Opinion: California wants criminal justice reform, but keeps electing conservative prosecutors
This is the third in a series of articles about the Los Angeles County district attorney’s race.
Proposition 36 was a ballot measure to amend California’s notorious Three Strikes Law. It ensured that no one would be sentenced to 25-to-life for committing a petty crime, regardless of whatever else was on their rap sheet. Rosen supported it.
The California District Attorneys Assn. was debating not whether to oppose the Three Strikes change, but how vigorously. Because the state’s 58 counties include many that are smaller, more rural, less populated and much further to the political right than their more populous L.A. or Bay Area counterparts — and because each county, whether it’s got 1,200 people (Alpine) or 10 million (Los Angeles), elects one district attorney — the association is a disproportionately conservative powerhouse that lobbies and spends heavily in Sacramento for tough-on-crime laws. That leaves this paradox: A majority of Californians favor and adopt criminal justice reforms — yet, voting by county, they elect D.A.s who try to block those very same reforms.
The progressive (or 21st century, or reform, or modern) prosecutor movement is not securely tied to gender or race, or even to political party.
It used to be the same way in the Legislature. In order to mirror the U.S. House of Representatives and the Senate, California divided the state Assembly by population, but the state Senate by county. The tiny rural “cow counties” like Siskiyou were equal in the Senate to populous San Diego or Orange counties. But that ended in 1964, with the U.S. Supreme Court’s ruling in favor of one-person, one-vote in Reynolds vs. Sims. The Senate was redistricted so that each member represented approximately the same number of people.
But because district attorneys (as well as sheriffs) are still elected one to a county, the power of conservative politics and rural outlooks continues to hold inordinate sway in Sacramento, where their lobbying and fundraising beat back criminal justice and police reforms. And in the public, where the power of their messaging remains strong.
At the California District Attorneys Assn. conference on Proposition 36, Rosen recalled, members spoke as if the backers of Three Strikes reforms were evil.
“Some D.A. said that if we give in on this one, we’ll be like Chamberlain appeasing the Nazis, and they’ll just want more,” Rosen recalled. “I was a little taken aback.”
Three Strikes reform ultimately passed.
Rosen recounted the episode for me a year ago, in his San Jose office, as part of a conversation about “progressive prosecutors” and what that term even means. He is sometimes counted as a member of a new breed of elected D.A.s who break from traditional tough-on-crime policies. And sometimes not. The one California district attorney at the time who unabashedly embraced the term, San Francisco’s George Gascón, had just resigned and was moving back to Los Angeles. He hadn’t yet acknowledged it, but everyone knew Gascón was planning to challenge Jackie Lacey, L.A.’s two-term D.A., in the Nov. 3 election.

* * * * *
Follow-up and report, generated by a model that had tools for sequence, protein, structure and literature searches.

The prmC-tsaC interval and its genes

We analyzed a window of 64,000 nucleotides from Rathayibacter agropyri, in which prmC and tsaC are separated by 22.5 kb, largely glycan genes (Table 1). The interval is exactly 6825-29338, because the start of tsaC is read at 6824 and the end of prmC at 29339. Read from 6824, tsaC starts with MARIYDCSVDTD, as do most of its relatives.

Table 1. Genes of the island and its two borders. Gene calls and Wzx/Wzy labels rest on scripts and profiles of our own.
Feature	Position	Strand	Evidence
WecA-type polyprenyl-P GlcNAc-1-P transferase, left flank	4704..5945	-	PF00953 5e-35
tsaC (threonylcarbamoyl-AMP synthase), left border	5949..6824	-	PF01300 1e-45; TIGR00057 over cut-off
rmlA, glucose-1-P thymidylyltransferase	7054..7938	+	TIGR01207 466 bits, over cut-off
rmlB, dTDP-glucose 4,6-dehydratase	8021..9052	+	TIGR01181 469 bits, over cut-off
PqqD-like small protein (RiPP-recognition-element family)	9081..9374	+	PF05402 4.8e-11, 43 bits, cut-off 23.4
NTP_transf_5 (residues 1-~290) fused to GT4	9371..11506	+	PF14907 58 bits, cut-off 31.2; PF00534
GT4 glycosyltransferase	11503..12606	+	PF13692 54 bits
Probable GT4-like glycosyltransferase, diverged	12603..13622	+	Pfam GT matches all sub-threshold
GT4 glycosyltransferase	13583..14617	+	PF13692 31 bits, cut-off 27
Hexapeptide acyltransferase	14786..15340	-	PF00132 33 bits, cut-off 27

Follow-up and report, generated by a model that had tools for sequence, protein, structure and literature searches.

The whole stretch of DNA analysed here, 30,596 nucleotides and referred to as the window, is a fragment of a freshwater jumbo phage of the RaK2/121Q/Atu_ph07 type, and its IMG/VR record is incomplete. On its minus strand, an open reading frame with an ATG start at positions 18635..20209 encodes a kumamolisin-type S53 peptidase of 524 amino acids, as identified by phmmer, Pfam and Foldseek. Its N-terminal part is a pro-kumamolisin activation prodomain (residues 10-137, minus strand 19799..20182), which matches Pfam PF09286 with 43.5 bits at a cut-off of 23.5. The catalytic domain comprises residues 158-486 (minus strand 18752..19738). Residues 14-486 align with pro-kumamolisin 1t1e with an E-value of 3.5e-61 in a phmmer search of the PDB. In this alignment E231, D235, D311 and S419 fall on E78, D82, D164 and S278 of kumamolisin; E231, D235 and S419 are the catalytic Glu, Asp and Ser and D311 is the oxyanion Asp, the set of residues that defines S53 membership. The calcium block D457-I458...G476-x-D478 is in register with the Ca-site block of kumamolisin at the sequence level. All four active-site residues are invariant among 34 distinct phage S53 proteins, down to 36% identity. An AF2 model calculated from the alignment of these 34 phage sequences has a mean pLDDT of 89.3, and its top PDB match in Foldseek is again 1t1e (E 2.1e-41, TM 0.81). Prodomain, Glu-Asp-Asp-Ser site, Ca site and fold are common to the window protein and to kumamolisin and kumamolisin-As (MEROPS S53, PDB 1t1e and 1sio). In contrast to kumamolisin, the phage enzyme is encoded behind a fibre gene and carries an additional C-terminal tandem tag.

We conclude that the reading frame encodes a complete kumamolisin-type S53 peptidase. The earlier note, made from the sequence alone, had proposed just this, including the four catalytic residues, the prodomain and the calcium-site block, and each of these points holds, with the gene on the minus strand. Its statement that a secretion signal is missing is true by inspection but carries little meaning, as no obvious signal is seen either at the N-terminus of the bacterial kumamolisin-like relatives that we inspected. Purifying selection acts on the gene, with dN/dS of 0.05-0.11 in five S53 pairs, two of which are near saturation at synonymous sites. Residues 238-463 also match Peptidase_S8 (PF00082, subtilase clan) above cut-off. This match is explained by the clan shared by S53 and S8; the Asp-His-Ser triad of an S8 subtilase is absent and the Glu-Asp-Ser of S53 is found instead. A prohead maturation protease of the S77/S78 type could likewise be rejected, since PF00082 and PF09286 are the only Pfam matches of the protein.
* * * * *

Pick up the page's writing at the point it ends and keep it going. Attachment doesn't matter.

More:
“Look, I’ve endorsed Jackie Lacey,” Rosen told me. “So, full disclosure: I endorsed her before Gascón was in it, but it doesn’t change my view about it. I’ve worked with both of them, but I like her very much.”
In 2014, Gascón co-wrote Proposition 47, perhaps California’s most sweeping criminal justice reform in the last 10 years. It reduced drug possession and several other felonies (or “wobblers,” which prosecutors could choose to charge as felonies) to misdemeanors. The CDAA opposed it. Of the state’s 58 D.A.s, only one besides Gascón supported it. Jeff Rosen.
But Rosen remained tough on crime when he deemed it appropriate. He prosecuted Brock Turner, the Stanford swimmer convicted of sexual assault, asked for a six-year sentence and criticized Turner’s actual six-month term.
And Rosen, along with Lacey and most other members of the CDAA, supported the death penalty — although Rosen was to revise his position this year.
In 2018, California saw campaigns by progressive candidates against more traditional district attorney incumbents in three big counties: Alameda, San Diego and Sacramento. The challengers were hoping to duplicate a wave of progressive D.A. election victories in Chicago, St. Louis, Orlando and other jurisdictions across the nation two years earlier, in the same election that sent Donald Trump to the White House. If California would embrace Propositions 36 and 47, surely it would elect progressive D.A.s, would it not?
But none of the challenges succeeded. California remains a state front-loaded with traditional tough-on-crime D.A.s, the exceptions being Rosen (sometimes), San Francisco D.A. Chesa Boudin, San Joaquin County D.A. Tori Verber Salazar and a relative newcomer, Contra Costa D.A. Diana Becton. And Gascón again, if he prevails in the coming election. The CDAA’s voice among Sacramento lawmakers remains strong, despite a huge change in the state’s district attorney lineup in the last decade.